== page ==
Genome-wide association studies were completed using PLINK, version 1.931 and R, version 3.6.2 (R Project for Statistical Computing), with additive coding and the harmonized continuous amyloid PET metric set as a quantitative outcome. Genome-wide association studies were completed in each cohort separately. Covariates included age, sex, and the first 3 principal components to account for unmeasured population stratification. Meta-analyses of all results were performed using the inverse-weighted method in METAL.32 Results were restricted to variants present in all cohorts. Significance was set a priori to P = 5 × 10−8. The R packages EasyStrata,33 qqman,34 and Metafor35 were used for data visualization, with additional variant-level visualization completed using LocusZoom.36

    We used RNA sequencing data from ROS/MAP to validate candidate genes or loci. First, we assessed the association between gene expression and amyloid-β using linear regression. Immunohistochemistry measures of amyloid-β were square root transformed before analysis. Covariates included age at death, sex, and postmortem interval. For analyses of longitudinal cognitive performance, we performed a mixed-effects regression model with the same covariates. The interval (years prior to death) and intercept were entered as both fixed and random effects in all longitudinal models.

    Results

    Clinical data for the 3154 individuals in the A4 Study included those whose race/ethnicity was determined genetically to be non-Hispanic white (n = 2960), African American (n = 89), and Hispanic (n = 105). In addition, 6 amyloid PET data sets with participants of non-Hispanic white ethnicity (n = 1160) were analyzed (Table 1). Together, the participants ranged from age 52 to 96 years; 2478 of the participants (57%) were women. With the exception of the 2 ADNI cohorts, 99% of the participants had normal cognition; with those cohorts added, cognition was normal in 90% of the participants. Analysis of variance of each demographic variable indicated significant differences across the cohorts (Table 1). For example, percent women (F8,4305 = 10.8, P < .001), age (F8,4305 = 58.5, P < .001), and percent APOE-positive (F8,4305 = 3.2, P < .001) were significantly different between groups.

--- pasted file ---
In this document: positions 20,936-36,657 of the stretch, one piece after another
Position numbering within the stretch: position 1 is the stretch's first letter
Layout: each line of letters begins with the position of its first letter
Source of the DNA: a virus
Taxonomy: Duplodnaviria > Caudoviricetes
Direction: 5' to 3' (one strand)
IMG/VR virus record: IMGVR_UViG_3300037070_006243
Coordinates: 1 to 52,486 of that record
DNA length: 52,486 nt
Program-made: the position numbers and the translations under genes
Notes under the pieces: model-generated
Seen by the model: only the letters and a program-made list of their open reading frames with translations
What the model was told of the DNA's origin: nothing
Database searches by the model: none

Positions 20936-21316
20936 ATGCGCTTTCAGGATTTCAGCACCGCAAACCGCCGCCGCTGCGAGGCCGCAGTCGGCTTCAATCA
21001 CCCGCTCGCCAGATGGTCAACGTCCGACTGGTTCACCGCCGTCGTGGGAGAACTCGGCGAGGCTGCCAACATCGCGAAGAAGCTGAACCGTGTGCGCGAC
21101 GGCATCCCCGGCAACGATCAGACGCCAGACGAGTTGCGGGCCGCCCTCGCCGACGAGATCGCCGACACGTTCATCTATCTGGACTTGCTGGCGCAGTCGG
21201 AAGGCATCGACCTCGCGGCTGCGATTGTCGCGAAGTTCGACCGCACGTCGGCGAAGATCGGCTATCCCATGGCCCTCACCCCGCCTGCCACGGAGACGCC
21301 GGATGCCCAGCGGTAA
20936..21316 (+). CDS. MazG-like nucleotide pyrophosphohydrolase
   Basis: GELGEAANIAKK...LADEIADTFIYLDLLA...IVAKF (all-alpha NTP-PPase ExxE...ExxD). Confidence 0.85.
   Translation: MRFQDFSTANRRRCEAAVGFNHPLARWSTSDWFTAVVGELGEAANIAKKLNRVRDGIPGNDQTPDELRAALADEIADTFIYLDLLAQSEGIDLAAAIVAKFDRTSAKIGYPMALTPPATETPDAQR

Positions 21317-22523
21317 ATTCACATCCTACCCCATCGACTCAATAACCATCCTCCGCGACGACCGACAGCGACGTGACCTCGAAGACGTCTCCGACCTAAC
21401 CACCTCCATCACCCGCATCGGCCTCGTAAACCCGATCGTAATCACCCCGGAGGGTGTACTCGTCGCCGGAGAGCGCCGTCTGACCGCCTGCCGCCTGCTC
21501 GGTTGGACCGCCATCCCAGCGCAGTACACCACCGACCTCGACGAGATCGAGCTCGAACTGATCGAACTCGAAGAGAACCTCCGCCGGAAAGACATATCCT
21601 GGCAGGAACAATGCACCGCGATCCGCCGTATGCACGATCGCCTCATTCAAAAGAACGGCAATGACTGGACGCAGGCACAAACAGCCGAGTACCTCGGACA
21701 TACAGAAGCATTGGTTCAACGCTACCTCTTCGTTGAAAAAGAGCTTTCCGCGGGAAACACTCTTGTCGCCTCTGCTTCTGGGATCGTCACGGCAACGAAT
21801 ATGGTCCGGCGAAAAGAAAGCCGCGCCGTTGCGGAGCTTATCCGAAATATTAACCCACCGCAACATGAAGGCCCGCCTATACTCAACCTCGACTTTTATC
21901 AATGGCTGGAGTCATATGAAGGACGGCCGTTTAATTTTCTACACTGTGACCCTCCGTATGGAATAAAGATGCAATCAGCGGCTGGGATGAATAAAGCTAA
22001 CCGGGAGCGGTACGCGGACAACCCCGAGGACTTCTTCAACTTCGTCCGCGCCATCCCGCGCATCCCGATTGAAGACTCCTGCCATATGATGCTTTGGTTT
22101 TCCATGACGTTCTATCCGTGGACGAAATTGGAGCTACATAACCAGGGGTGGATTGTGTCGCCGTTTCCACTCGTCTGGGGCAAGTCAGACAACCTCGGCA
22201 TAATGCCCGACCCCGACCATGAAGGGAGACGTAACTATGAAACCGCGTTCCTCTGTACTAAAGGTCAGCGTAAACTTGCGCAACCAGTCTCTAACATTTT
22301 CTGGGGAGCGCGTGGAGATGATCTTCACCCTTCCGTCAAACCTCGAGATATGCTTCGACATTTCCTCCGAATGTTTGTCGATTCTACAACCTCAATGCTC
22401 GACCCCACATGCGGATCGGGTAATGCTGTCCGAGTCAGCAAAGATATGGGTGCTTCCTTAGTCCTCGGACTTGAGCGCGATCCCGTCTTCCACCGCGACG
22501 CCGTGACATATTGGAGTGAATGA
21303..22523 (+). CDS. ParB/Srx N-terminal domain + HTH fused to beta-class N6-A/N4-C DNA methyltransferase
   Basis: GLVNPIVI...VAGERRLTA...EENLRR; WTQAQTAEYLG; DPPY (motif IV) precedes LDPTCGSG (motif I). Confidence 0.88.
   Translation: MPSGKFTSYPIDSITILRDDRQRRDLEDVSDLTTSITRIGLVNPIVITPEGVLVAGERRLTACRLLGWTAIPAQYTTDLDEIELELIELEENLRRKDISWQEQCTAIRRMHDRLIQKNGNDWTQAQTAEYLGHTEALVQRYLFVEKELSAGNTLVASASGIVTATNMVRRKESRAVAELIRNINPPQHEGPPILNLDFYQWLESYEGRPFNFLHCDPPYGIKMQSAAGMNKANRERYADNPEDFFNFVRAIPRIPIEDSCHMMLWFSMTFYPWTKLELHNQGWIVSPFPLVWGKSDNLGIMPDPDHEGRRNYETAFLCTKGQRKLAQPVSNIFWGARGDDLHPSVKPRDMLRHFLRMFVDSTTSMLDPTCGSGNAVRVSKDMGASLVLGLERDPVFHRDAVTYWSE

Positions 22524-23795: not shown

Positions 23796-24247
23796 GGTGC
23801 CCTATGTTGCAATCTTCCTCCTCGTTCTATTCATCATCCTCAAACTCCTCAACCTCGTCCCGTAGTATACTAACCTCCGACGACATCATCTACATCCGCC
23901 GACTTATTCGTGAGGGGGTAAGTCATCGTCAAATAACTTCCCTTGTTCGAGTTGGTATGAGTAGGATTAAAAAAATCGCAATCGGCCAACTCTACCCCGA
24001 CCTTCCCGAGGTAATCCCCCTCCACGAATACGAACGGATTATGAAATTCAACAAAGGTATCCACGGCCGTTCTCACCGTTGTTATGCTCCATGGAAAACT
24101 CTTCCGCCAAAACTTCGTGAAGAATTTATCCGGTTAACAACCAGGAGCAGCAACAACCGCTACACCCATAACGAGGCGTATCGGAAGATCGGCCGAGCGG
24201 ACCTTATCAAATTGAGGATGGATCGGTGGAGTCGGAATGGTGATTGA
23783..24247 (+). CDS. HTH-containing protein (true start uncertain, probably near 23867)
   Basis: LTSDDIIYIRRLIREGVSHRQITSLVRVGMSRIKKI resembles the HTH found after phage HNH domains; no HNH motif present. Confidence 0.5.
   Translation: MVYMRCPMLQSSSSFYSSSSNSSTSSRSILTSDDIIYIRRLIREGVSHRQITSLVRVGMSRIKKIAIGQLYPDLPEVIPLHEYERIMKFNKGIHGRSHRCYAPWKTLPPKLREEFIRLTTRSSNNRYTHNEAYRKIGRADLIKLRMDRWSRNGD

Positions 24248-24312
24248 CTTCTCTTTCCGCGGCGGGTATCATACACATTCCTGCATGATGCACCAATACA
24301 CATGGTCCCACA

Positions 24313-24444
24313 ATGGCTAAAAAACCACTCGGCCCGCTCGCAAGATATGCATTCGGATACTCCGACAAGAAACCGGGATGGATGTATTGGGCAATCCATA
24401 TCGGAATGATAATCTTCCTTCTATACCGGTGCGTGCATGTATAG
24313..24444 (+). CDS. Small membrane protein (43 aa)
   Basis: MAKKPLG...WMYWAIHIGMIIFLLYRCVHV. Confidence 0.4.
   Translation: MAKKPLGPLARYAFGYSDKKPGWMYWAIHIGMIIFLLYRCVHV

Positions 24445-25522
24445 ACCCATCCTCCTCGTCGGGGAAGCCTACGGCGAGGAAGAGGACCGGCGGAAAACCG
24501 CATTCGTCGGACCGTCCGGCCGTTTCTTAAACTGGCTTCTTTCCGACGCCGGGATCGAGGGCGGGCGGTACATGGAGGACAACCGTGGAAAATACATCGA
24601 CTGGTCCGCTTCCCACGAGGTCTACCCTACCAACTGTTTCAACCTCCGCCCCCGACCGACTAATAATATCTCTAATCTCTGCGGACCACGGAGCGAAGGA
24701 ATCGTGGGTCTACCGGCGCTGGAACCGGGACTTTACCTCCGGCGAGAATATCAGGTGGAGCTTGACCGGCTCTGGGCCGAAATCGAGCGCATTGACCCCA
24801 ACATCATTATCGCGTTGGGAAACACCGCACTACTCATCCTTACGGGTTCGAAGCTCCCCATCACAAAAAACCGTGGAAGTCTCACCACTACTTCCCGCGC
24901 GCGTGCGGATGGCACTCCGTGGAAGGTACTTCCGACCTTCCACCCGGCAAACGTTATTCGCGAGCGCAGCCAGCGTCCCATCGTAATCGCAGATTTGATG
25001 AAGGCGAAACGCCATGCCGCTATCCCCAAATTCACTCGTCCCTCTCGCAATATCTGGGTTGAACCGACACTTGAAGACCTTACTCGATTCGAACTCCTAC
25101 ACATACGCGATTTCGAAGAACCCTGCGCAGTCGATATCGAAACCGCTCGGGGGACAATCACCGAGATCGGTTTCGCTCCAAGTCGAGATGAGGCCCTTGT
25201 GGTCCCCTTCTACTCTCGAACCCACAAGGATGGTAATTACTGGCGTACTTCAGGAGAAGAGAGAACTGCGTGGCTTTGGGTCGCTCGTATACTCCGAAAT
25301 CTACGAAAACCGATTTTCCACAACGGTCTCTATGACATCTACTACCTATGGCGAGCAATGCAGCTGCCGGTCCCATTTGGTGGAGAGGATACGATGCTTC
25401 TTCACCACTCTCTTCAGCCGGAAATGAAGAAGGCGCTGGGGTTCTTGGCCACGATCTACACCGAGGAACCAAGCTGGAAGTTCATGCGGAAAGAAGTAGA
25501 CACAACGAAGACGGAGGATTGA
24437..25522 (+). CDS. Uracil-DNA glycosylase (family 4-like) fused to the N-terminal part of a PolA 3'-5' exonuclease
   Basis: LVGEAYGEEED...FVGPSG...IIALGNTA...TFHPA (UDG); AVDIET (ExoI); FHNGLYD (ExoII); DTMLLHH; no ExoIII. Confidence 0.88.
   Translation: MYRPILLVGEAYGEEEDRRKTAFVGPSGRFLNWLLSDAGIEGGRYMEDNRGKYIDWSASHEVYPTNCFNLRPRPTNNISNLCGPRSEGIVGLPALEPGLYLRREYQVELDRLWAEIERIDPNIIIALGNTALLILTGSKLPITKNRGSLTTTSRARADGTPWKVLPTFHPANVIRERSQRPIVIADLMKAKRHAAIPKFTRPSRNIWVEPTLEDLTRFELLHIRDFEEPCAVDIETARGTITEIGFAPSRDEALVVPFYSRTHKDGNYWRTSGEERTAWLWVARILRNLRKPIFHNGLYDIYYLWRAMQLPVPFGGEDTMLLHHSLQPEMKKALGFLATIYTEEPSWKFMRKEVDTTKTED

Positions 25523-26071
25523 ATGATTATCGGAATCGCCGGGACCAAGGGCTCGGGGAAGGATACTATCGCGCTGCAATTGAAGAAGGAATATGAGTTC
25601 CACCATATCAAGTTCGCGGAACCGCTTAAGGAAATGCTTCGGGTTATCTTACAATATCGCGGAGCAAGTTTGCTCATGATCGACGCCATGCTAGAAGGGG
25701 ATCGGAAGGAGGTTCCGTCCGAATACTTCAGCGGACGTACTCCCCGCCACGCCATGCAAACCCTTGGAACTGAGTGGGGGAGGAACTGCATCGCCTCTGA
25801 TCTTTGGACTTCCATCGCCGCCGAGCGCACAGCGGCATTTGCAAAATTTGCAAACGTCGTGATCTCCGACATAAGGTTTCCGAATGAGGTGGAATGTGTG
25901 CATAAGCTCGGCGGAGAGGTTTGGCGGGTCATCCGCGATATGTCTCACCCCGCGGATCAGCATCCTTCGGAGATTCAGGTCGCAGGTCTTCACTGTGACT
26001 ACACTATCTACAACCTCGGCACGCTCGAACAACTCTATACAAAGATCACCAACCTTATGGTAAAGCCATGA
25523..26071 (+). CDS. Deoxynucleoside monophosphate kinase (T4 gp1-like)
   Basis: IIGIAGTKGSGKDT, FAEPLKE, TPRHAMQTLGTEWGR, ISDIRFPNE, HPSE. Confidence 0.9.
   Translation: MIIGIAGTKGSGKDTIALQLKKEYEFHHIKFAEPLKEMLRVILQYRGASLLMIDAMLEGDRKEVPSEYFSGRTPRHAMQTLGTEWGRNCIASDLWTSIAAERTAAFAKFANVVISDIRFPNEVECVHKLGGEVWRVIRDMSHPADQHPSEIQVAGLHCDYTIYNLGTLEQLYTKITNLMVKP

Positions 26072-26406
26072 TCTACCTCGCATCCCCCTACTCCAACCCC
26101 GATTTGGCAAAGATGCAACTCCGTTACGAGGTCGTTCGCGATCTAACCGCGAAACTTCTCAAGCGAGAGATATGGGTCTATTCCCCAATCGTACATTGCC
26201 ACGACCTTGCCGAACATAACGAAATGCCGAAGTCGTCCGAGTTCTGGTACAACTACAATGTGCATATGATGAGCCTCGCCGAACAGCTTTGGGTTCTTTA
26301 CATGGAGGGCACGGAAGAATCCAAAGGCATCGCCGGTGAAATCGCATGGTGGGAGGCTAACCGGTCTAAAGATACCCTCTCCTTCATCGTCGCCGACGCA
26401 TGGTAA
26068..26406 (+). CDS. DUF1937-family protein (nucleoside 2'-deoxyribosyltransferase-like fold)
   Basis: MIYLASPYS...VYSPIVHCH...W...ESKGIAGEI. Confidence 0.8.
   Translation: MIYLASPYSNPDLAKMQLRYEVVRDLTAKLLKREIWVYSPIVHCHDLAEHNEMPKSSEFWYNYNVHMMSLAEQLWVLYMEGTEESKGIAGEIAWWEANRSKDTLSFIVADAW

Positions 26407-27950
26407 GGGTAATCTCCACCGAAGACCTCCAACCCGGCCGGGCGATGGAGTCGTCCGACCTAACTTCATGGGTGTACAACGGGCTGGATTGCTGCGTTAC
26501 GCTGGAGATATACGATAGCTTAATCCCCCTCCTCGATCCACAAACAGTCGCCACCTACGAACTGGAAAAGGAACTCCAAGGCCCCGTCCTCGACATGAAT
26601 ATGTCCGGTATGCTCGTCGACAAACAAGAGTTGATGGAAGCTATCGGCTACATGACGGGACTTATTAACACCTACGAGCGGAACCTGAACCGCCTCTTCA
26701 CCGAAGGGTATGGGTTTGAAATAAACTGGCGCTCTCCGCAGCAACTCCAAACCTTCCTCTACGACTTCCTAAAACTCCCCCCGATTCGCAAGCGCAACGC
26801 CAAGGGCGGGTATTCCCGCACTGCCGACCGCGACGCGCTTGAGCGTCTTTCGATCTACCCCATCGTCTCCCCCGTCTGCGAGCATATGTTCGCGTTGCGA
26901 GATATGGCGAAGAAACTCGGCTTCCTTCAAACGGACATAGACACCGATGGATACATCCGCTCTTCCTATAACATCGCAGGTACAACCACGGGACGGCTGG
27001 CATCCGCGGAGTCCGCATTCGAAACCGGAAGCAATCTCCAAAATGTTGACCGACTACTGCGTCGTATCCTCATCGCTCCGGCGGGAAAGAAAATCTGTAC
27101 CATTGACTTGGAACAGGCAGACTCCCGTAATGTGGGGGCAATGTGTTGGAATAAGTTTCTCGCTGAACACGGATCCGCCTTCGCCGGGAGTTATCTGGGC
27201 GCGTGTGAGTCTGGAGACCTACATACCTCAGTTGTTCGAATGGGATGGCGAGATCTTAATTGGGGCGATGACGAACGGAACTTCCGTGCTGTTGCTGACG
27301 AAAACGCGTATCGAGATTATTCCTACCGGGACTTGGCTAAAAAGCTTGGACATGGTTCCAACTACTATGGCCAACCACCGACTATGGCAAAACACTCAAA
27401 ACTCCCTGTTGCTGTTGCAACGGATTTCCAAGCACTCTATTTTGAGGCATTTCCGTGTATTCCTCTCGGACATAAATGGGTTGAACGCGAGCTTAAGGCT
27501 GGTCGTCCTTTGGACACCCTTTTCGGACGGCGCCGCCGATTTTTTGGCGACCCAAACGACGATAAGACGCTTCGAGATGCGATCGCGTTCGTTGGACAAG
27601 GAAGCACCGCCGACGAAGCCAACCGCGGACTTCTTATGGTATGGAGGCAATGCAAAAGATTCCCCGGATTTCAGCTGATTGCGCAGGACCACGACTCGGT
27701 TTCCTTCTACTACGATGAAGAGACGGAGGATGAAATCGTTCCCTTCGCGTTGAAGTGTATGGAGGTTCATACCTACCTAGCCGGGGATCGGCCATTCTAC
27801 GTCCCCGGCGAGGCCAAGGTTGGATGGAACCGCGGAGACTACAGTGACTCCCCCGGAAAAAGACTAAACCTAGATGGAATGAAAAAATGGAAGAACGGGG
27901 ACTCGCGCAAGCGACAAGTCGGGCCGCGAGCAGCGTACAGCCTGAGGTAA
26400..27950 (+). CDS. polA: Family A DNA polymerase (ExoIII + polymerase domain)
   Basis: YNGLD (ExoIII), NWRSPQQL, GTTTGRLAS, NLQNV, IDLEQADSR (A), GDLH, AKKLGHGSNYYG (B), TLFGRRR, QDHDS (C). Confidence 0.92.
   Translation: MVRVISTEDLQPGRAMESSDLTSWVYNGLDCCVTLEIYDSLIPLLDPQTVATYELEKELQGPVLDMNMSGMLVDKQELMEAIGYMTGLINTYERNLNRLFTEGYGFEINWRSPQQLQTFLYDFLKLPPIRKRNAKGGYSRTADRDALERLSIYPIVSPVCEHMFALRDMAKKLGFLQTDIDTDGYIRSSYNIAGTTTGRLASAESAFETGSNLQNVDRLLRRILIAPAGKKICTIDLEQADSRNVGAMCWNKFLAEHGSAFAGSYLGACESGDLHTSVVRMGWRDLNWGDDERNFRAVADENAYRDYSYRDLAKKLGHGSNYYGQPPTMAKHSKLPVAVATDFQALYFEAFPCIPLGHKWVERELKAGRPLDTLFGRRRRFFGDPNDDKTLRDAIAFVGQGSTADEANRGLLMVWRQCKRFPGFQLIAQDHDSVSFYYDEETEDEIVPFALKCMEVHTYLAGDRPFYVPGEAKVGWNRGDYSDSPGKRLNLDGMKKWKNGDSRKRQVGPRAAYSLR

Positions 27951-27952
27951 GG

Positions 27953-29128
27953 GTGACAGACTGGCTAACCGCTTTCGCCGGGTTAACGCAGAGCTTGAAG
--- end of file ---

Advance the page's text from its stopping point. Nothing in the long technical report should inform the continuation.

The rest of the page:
Combining GWAS statistics and harmonized PET imaging amyloid data from each cohort, we completed a meta-analysis of all 6 studies to identify novel genetic associations with brain amyloid levels (n = 4314). We observed a robust association with brain amyloidosis at the APOE locus (top single-nucleotide variant [SNV; formerly SNP]: rs6857, β = 1.67, P = 5.79 × 10−132), similar in magnitude to previous reports.7-11 To determine whether other genes in the APOE region contributed to the association, we performed conditional analyses covarying for APOE ε4 and APOE ε2 status. All associations in the region were no longer significant (eFigure 2 in the Supplement).

    We observed a novel risk locus on chromosome 16p.13.3 (top SNV: rs56081887, β = 0.61, P = 3 × 10−9) that included RBFOX1 (Figure 1A and B). Ten SNVs within RBFOX1 reached genome-wide significance in meta-analysis; the top 2 are displayed in Table 2. RBFOX1 variants were associated with increased amyloid levels in all data sets except for Hispanic individuals in the A4 Study (Figure 1C); however, the small sample size of the Hispanic cohort and the observation that a higher proportion of amyloid-positive individuals were Hispanic (40%) compared with the African American cohort (16%) precluded firm conclusions. All genome-wide significant SNVs in RBFOX1 were in moderate to high linkage disequilibrium (non-Hispanic white r2 all >0.84; African American r2 all >0.53). Results for all variants with P < 19 × 10−5 are presented in eTable 3 in the Supplement. The corresponding QQ-plot is presented in eFigure 3 in the Supplement. There was no compelling evidence for an interaction with APOE ε4. Results were consistent when applying the alternative harmonization algorithm.

    To validate and augment genetic findings, we analyzed RNA sequencing data from the prefrontal cortex in 600 individuals from the ROS/MAP study (Table 3). Lower levels of RBFOX1 messenger RNA (mRNA) in prefrontal cortex were associated with a higher amyloid β burden (β = −0.008, P = .002) (eFigure 4 in the Supplement). Associations remained significant when covarying for differences in cell type composition across samples (eTable 4 in the Supplement). Lower RBFOX1 mRNA levels were also associated with poorer global cognitive performance at the final visit before death (β = 0.007, P = .006) and a faster rate of global cognitive decline across all study visits (β = 0.001, P = 4 × 10−5) (eFigure 5 in the Supplement). Expression of RBFOX1 explained 1.5% of the variance in cognitive trajectories beyond covariates and remained statistically significant when covarying for amyloid and tau, which explained 5% and 15% of variance in cognitive trajectories, respectively. When assessing the results of the Mini-Mental State Examination for clinical interpretation, an SD decrease in RBFOX1 was associated with an annual 0.2-point decrease in the Mini-Mental State Examination score.